Thin layer chromatography is a very widely used chromatographic method. In this chromatographic method, the stationary phase is coated on a metal or glass plate to form a thin layer, and the sample is spotted on one end of the plate with a capillary tube, pen, or other tools, after which the spotted end is immersed in the mobile phase and the mobile phase solvent is spread along the plate by capillary action.

Thin-layer chromatography is an inexpensive and easy-to-use method that is used for the crude measurement of samples and the detection of reaction processes in organic synthesis.

C. High-performance liquid chromatography (HPLC)

At present, high-performance liquid chromatography (HPLC) is one of the more widely used chromatographic analysis methods. A liquid chromatography system consists of a mobile phase reservoir bottle, infusion pump, injector, column, detector, and recorder, and its overall composition is similar to gas chromatography. The HPLC infusion pump requires a stable and balanced infusion volume; the injection system requires convenient injection and tight switching; as the viscosity of the liquid mobile phase is much smaller than that of the gas, the column of liquid chromatography is generally thicker and the length is much smaller than that of gas chromatography column to reduce the column pressure. HPLC is used in a wide range of applications, in almost every field of quantitative and qualitative analysis.

D. Gas chromatography

Gas chromatography is a method of separation by using gases such as helium or argon as the carrier gas (called mobile phase), and injecting the mixture sample into the column with filler (called stationary phase). The separated components are converted into electrical signals by a detector and recorded by a recorder.

E. Supercritical fluid chromatography

Supercritical fluid chromatography (SFC) is a chromatographic process that uses a supercritical fluid as the mobile phase to perform separation and analysis by relying on the solventizing ability of the mobile phase. It is a new technology developed and perfected in the 1980s. Supercritical fluid chromatography it easier to achieve higher column efficiency than liquid chromatography.

Difference between HPLC and column chromatography

Liquid chromatography vs column chromatography

A. Different types

a. High-performance liquid chromatography (HPLC)
a) Adsorption Chromatography

b) Partition Chromatography

c) Ion Chromatography

d) Size Exclusion Chromatography

e) bonded-phase chromatography

f) Affinity Chromatography
b. Liquid chromatographic method
a) The stationary phase of adsorption chromatography is the adsorbent, and the separation process of chromatography is carried out on the surface of the adsorbent, without entering the interior of the stationary phase.

b) In partition chromatography, both the mobile and stationary phases are liquids. The sample molecules quickly reach equilibrium partition between the two liquid phases and are separated using the difference in the partition coefficients of the components in the two phases, which is similar to an extraction process.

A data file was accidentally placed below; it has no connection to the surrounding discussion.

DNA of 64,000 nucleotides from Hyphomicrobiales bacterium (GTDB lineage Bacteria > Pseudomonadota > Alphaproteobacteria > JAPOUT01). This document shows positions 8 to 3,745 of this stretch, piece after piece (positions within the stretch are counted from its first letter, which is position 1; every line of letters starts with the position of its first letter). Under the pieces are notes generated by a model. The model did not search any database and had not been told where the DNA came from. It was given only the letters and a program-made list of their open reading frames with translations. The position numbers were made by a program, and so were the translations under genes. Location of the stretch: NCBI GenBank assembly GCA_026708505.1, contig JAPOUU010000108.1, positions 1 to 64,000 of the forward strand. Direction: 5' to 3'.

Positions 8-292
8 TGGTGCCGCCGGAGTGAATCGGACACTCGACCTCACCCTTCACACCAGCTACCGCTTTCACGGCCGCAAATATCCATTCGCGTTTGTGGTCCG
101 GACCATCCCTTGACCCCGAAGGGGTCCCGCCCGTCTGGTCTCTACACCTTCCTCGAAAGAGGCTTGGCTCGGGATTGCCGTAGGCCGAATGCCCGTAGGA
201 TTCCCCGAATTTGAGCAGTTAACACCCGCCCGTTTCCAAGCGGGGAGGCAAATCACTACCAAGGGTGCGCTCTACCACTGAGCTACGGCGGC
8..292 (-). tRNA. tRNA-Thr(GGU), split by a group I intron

c) Ion exchange chromatography usually uses an ion exchange resin as the stationary phase. Generally, the sample ions are reversibly exchanged with the stationary phase ions, and the separation of chromatography is achieved due to the different exchange capacities of each component ion.

B. Different characteristics

a. High-performance liquid chromatography (HPLC)
a) High pressure. The mobile phase is a liquid, which is subject to high resistance when flowing through the column. To pass through the column quickly, high pressure must be applied to the carrier liquid.

b) High speed. Fast analysis and fast carrier fluid flow rate, much faster than classical liquid chromatography. Usually, it analyzes a sample in 15 to 30 minutes, and some samples can even be completed in 5 minutes. The analysis time is usually less than 1 hour.

c) High efficiency. High separation efficiency. The stationary phase and mobile phase can be selected to achieve the best separation effect, which is many times higher than the separation efficiency of industrial distillation columns and gas chromatography.
b. Liquid chromatographic method
Using liquid as the mobile phase, the stationary phase can be in various forms, such as paper, thin plates, and filled beds.

Different applications

High-performance liquid chromatography (HPLC)Liquid chromatographic method
Due to the advantages of high resolution, high sensitivity, high speed, repeated use of columns, and easy collection of effluent components, high-performance liquid chromatography has been widely used in various fields such as biochemistry, food analysis, pharmaceutical research, environmental analysis, and inorganic analysis, and has become the most promising method for solving biochemical analysis problems.Liquid chromatography is operated at room temperature and is not limited by the volatility and thermal stability of the sample. It is ideal for the separation and analysis of substances with large relative molecular weight, difficult to vaporize, not easily volatile or heat sensitive, ionic compounds and polymers, which account for about 70% to 80% of organic substances.

How to buy HPLC column heater?